Strictly Dandia, King's Theatre, Edinburgh Festival

This thin offering is strictly amateur fare
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The Independent Culture

Savagely murdered by its own hype, Strictly Dandia is most certainly not what it's drummed up to be. If there were "high passions, bare flesh, sectarian tension and hormones running rampant" in Tamasha Theatre's latest dance-drama, based on the inter-caste boils erupting upon a religious Hindu dance festival, they passed me by.

And in case the word "erupts" suggests some sort of spontaneous action, or even surface interest, let's just say that the meagre storyline and skeletal production could have been better devised and scripted by a bunch of teenagers.

Dismally thin in content and disastrously naive in style Strictly Dandia must represent a nadir of the Edinburgh's official Festival theatre programme and would scarcely pass muster on the Fringe.

Suman Bhuchar's idea is great - a show set among the Gujerati community of Wembley against the backdrop of the Navratri festival, based on the pressures of competing in the Dandi Rass stick dance competition. But these nine celebratory nights of dancing, heralding the beginning of Diwali, are meant to be fun, lively and, dare I suggest it, dramatic. So how on earth could the normally inventive and imaginative Tamasha Theatre - think East is East and Balti Kings - have produced something so unsophisticated, under-rehearsed, unfocused and underwhelming?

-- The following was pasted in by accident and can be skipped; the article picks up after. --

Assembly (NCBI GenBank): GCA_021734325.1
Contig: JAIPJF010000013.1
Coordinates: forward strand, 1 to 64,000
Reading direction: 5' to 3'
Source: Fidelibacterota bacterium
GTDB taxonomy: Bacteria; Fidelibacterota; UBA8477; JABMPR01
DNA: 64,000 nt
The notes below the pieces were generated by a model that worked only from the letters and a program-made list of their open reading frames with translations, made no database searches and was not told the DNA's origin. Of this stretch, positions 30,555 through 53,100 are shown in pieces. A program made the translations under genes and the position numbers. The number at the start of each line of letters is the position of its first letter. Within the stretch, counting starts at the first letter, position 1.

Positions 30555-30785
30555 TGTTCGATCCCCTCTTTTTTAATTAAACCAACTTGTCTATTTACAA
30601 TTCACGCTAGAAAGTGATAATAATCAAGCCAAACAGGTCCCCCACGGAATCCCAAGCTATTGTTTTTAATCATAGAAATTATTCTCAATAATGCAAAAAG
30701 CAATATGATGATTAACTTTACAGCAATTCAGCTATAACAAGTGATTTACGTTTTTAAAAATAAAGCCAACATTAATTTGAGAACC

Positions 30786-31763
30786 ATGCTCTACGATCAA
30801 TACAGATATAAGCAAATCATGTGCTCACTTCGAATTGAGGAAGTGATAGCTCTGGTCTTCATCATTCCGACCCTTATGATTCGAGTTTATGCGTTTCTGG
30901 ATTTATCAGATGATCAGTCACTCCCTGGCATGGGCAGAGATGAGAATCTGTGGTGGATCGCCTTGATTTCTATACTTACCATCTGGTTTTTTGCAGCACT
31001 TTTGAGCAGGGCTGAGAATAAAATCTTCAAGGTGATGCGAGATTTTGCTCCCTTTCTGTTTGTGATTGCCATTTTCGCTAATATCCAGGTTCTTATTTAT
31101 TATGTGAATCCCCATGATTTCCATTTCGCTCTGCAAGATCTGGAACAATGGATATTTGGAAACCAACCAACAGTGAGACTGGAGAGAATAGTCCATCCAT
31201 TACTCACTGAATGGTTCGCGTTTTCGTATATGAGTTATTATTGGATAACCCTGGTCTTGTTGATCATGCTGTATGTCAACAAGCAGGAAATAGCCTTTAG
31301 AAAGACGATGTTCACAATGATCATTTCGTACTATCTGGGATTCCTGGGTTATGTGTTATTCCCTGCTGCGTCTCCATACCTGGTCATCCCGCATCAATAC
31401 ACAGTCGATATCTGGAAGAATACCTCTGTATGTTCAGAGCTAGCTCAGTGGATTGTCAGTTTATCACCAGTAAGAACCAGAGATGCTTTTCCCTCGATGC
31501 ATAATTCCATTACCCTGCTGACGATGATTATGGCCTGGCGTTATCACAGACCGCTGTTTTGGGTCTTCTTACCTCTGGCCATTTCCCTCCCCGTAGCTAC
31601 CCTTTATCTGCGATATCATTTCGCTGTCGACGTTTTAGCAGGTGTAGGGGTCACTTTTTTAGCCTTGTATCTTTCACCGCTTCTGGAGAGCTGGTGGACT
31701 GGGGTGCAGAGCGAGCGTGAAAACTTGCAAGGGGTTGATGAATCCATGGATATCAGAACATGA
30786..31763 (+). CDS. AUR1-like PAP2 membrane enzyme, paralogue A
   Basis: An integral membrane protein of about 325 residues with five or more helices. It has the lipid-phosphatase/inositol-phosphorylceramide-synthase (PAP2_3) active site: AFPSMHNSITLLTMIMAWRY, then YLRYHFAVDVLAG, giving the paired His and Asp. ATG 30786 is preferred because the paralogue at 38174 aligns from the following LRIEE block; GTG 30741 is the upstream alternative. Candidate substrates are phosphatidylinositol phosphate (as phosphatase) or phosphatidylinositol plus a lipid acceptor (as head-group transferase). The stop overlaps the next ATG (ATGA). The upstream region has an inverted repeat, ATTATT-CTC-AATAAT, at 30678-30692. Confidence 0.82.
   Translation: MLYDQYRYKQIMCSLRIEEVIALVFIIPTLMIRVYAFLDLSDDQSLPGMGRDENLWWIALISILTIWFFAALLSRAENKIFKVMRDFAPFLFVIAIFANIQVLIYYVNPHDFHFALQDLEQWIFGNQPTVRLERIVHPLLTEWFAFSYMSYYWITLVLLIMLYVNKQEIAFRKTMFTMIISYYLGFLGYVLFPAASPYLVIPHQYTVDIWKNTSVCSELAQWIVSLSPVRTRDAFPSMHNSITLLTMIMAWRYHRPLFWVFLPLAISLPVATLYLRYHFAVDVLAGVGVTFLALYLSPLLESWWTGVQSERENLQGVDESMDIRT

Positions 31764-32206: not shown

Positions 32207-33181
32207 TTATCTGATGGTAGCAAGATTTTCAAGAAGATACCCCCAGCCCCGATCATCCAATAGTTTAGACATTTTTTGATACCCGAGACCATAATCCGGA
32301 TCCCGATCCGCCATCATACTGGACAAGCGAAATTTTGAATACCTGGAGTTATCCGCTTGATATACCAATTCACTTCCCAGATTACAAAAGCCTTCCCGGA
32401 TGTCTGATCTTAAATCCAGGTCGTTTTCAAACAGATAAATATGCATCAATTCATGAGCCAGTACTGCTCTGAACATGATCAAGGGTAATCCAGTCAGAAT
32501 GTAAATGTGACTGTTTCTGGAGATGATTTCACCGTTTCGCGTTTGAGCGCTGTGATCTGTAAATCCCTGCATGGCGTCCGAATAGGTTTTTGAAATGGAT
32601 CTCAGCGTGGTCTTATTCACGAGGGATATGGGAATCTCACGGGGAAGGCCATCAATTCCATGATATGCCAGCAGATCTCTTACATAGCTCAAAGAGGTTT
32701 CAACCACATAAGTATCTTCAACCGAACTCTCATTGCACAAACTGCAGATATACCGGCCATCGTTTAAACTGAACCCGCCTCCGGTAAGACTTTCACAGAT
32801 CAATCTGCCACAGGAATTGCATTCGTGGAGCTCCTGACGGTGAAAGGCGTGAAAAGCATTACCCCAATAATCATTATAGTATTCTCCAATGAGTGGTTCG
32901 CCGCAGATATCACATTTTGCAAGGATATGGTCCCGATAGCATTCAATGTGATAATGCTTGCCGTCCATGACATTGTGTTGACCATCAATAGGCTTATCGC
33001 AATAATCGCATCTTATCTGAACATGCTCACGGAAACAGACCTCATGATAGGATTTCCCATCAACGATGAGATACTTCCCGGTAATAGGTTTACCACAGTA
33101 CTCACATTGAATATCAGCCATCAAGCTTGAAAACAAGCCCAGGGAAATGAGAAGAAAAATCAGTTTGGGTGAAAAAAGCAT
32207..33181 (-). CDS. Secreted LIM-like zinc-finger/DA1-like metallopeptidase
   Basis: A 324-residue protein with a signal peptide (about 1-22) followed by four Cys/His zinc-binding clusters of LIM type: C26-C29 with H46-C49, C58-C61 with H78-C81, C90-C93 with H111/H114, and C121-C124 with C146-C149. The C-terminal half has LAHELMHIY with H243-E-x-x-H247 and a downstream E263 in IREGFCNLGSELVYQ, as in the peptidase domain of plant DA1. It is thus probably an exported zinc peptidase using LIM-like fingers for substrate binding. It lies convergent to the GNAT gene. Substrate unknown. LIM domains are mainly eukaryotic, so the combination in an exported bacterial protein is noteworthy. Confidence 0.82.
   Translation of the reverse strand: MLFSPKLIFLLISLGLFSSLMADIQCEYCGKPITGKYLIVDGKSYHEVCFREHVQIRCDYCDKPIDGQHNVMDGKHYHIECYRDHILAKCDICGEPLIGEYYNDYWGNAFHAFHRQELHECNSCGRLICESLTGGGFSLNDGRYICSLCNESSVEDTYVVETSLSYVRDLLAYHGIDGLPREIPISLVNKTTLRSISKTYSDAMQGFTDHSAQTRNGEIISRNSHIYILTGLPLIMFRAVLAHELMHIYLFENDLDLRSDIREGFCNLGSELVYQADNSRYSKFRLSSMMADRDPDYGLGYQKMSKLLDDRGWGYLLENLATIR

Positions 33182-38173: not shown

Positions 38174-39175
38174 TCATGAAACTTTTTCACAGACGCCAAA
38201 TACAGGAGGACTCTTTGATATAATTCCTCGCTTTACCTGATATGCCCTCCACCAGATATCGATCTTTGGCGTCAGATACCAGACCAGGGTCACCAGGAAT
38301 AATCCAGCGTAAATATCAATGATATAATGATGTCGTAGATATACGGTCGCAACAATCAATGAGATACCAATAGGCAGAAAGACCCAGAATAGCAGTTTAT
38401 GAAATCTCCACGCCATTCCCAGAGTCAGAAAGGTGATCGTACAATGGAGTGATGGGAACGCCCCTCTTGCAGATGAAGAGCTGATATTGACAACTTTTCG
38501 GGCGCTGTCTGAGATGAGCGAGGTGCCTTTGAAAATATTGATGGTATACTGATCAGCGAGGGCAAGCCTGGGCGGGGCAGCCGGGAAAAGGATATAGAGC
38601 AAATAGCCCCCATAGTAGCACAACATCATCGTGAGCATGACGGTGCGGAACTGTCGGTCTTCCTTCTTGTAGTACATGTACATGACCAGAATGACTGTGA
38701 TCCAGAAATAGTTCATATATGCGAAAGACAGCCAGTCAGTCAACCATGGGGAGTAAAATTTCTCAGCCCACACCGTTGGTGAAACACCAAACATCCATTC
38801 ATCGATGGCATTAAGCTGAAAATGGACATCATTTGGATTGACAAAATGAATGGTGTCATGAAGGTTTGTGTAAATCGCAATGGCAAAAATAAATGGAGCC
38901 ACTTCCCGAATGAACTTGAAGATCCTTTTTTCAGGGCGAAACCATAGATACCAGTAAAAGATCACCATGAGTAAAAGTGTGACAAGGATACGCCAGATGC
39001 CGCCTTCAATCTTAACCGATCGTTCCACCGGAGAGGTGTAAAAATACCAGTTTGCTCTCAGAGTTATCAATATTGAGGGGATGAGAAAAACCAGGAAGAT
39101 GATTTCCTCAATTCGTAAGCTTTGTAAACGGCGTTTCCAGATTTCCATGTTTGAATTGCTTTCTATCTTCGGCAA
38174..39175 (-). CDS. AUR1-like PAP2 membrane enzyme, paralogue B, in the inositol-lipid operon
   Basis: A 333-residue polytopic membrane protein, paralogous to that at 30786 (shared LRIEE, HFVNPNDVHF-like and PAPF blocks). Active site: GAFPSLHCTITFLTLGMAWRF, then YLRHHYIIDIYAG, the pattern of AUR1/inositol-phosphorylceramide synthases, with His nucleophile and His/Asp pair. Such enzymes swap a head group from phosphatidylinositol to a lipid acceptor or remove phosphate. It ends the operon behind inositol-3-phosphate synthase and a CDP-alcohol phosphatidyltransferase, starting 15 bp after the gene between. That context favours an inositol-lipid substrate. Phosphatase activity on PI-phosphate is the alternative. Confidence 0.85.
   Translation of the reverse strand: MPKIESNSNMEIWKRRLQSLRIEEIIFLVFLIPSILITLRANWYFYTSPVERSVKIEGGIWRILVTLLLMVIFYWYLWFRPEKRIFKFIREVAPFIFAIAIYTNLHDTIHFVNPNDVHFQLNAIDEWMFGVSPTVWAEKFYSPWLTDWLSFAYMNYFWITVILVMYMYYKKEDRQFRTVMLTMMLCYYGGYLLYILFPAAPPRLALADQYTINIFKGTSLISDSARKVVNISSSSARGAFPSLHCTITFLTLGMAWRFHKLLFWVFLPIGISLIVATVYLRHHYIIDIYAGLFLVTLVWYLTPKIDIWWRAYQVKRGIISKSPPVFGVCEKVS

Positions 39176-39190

The colourful rivalries and sexual jealousies supposedly contained in this traditional festival amount here to little more than clunky dialogue, a few moderately stirring dance routines and a storyline spun out of flim-flam.

When the radio mikes worked (a secret weapon reserved until the second half) it was possible to follow at least some of the not very original or funny lines. The minimalist production looked as if it had been conceived for touring, a poor relation dropping by in the final week of a tired Festival.

There's potential here and I only hope that a producer with some flair gets their hands on it before it's seen again in public.